The musician’s lifestyle is notoriously fraught with bad choices, late nights, alcohol, cigarettes, drugs, and ill-considered sexual interactions that can lead to addiction, dependency, health issues and premature death. Take care of yourself and watch that these monkeys do not climb up on your back. You can ask any one of those mentioned in this article (if they are still alive) the veracity of these remarks. Listen to them.

Watch out for your mental health. Many of you who come to song-writing as a career can be sensitive to mental health issues in the first place, and this career choice can kick the stuffing out of you. At times, the world of the songwriter and musician can be a very lonely and desperate path, and this too can lead one to choices that ultimately will amplify your problems. The most dangerous time for a song-writing musician is the time after a gig and before the next one. I know many have begun speaking about the issue of mental and physical health on the road, and their words should be considered. I would take it very seriously if you want to run the long distance. I miss my friends who fell along the way.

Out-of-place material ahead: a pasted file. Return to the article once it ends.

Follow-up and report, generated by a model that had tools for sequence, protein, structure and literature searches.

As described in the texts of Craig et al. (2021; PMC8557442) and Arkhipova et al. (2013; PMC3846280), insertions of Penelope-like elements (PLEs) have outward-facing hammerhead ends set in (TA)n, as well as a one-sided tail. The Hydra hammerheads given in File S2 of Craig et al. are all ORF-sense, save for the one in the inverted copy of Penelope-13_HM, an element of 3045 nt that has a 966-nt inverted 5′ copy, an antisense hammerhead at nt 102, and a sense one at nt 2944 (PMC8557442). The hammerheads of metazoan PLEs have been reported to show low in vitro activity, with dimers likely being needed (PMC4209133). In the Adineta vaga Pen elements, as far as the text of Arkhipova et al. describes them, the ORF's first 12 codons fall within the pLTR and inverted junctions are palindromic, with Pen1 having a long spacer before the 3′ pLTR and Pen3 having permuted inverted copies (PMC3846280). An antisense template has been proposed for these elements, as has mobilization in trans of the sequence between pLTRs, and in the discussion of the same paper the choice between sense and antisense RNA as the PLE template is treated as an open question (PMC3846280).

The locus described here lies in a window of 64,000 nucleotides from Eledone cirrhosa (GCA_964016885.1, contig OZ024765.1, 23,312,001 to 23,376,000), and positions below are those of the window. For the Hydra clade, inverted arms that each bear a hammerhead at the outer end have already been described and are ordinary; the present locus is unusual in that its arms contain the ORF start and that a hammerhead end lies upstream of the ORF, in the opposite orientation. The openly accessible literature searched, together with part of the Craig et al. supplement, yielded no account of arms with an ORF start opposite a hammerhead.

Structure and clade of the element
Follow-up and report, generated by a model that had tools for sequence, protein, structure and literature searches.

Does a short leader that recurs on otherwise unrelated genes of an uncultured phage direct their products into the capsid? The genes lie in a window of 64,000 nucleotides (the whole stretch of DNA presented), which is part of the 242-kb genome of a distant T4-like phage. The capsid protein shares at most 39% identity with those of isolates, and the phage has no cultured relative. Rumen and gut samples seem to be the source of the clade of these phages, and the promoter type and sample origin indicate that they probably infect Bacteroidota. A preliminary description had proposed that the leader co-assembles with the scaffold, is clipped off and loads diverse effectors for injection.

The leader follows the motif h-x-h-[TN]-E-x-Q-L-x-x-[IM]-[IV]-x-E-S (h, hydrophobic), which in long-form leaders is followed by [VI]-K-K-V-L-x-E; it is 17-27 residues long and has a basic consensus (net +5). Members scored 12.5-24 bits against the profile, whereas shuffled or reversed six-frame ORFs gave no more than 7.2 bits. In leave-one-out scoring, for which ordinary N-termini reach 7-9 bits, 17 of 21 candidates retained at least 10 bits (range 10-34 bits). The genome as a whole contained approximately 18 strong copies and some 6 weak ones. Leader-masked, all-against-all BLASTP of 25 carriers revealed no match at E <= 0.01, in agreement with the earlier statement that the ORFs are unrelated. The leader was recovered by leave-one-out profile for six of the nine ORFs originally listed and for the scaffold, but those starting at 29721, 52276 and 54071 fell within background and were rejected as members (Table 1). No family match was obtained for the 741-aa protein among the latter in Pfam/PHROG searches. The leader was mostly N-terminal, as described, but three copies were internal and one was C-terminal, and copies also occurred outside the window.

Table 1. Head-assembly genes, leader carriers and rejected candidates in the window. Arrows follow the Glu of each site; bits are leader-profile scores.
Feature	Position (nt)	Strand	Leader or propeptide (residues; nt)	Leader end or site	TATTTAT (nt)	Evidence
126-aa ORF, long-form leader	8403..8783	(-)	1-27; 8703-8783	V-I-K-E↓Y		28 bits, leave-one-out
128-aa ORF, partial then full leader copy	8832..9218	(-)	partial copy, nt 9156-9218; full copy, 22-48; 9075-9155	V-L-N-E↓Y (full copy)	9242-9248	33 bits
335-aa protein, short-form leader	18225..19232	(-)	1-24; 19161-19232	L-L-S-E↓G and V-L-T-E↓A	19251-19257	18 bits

Keep a positive attitude, and remember your passion

It is very easy on the road you have taken to get beat up along the way. Never mind the difficulty in getting your work recognized and accepted; the roadside can be littered with lost hopes and forgotten dreams. It is important to remember what originally sparked your dreams and it is important to maintain a positive attitude towards your work and career choice.  All these things spoken about above are part of that maintenance. Good health, a good lifestyle, discipline, mentors, and the comfort of a good friend can help you maintain a healthy attitude toward the work you are doing and the lifestyle you have chosen. Be careful with your own mythology because, as someone like Tom Wilson will attest, it can be difficult to survive the myth you have created for yourself. There will be times when the vision can be obscured and darkened. During these times it is important to reach out, and sometimes that might not be to those closest to you but to professional help. Sometimes you can’t burden your friends or partners with the weight you might be carrying. This advice comes from Joni Mitchell.